The only thing worse than suggesting the possibility of something bad happening, is watching that very same thing actually happen. Since my mentioning in the last blog that Atlanta could conceivably go on a four game losing streak, we’ve seen the Hawks lose their third in a row to a tough Milwuakee Bucks squad. On tap is a somewhat new, somewhat same look Utah Jazz team that is playing some very good basketball. Do the Hawks have the moxie to get past their usual issues (and some new ones) and come back to their winning ways? Friday night’s contest will tell the tale.
Three Captains Review
Since this is a somewhat popular and valid subject, I figure we should evaluate it as fans. Besides being a rather unconventional approach, Coach Drew’s selection of team captains (most notably of selecting Josh Smith) has also come under question right from the start. Why don’t we evaluate it in 10 game blocks, unless there is a significant enough vote to evaluate this for a longer or shorter period of time? Since the game against Utah will be the tenth game of the season, we’ll all throw our two cents down on how the Atlanta team captains are performing in their roles. Here’s my first question : Do you think the team captains are getting along in their roles and staying on the same page? And the second: What do you think each guy should be primarily responsible for role-wise, based on their respective strengths and weaknesses? More questions apply, of course, so I encourage any and all fans to ask questions and give answers.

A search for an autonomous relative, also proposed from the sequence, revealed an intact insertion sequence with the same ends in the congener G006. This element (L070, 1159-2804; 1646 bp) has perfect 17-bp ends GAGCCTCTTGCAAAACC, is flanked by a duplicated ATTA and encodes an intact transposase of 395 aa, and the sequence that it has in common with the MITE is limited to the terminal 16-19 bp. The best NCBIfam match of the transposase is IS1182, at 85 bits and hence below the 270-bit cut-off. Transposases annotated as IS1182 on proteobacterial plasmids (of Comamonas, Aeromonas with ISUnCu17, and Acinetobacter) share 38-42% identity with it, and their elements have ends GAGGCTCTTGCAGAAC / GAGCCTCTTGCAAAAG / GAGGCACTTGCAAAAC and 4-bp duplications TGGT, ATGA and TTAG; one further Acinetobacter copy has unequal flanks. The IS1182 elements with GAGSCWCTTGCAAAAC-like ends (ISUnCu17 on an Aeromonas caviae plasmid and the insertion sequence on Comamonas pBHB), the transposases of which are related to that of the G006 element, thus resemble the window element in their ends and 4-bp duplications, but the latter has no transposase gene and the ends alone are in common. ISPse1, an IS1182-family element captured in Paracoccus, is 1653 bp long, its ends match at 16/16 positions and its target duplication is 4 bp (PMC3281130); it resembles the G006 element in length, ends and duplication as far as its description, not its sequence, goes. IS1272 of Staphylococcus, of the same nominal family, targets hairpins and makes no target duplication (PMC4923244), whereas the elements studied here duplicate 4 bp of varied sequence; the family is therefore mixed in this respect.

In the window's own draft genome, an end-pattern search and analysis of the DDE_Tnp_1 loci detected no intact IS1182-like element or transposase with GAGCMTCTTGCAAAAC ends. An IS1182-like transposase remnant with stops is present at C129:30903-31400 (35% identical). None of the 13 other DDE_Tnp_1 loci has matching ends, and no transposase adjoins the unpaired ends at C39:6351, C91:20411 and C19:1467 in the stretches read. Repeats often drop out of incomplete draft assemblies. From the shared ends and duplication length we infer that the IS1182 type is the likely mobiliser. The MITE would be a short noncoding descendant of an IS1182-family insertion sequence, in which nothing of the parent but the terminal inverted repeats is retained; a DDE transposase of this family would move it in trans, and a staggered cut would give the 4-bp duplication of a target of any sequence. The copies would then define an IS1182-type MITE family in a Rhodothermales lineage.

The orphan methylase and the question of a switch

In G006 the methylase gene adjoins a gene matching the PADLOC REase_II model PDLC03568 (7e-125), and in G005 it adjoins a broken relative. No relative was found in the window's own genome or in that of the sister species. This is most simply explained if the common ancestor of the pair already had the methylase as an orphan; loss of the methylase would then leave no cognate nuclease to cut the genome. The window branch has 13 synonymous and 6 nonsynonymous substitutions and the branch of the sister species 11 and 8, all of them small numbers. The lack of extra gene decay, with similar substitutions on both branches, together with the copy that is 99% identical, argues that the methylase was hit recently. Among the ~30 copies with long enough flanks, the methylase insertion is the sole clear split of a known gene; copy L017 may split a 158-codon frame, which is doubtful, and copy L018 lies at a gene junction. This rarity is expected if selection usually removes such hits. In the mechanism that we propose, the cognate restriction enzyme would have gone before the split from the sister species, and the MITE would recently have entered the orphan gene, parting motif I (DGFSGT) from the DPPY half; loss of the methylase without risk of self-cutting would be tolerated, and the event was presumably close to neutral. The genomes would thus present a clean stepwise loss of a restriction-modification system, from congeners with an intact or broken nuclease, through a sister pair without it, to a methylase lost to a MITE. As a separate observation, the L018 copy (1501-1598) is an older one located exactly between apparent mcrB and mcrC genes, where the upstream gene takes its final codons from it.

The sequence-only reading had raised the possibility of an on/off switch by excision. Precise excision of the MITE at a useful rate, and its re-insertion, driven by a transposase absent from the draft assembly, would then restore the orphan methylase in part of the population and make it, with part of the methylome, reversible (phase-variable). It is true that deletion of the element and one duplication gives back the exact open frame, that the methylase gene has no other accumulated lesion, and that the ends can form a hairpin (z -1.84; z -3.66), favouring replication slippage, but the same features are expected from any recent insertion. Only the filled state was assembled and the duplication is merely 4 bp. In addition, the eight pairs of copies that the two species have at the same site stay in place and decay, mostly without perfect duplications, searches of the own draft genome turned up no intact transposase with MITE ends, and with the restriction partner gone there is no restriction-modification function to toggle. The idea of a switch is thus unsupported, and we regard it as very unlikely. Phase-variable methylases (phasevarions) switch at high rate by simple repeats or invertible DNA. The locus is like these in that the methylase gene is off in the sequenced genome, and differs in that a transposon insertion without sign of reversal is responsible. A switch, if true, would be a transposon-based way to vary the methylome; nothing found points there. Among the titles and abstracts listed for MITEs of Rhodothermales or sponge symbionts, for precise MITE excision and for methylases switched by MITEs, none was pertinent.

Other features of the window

Coach Drew, you’re on tap
As Beat Writer Michael Cunningham reports, the Hawks still have some mental toughness issues. Why? Is it coaching, or is it player personnel? Is it both? Whatever the case, Larry Drew’s comments from that link are eerily familiar :
“That’s a big concern because I’ve always looked at this team as when it gets a little tough, we have a tendency to hold our head down….. Anybody can go through stretches where they play well and they win and everybody is high-fiving. When it gets tough, that is when your character really gets tested. When it gets a little tough, I don’t want to see guys hanging their heads. I don’t want to see guys giving up.”
And on team captain Josh Smith:
“He wasn’t the only one…..The one thing I don’t want him doing is I don’t want him displaying it. There is a place for it. Certainly we don’t want him doing it out on the floor where the whole world can see he’s upset. We talk about doing it during huddles or at halftime but we don’t want to display it out on the floor. If you get upset, dig your heels in and play a little bit harder.”
From Josh Smith, himself:
“We didn’t play with a lot of intensity and we didn’t share the ball offensively. That’s what lost us the game.”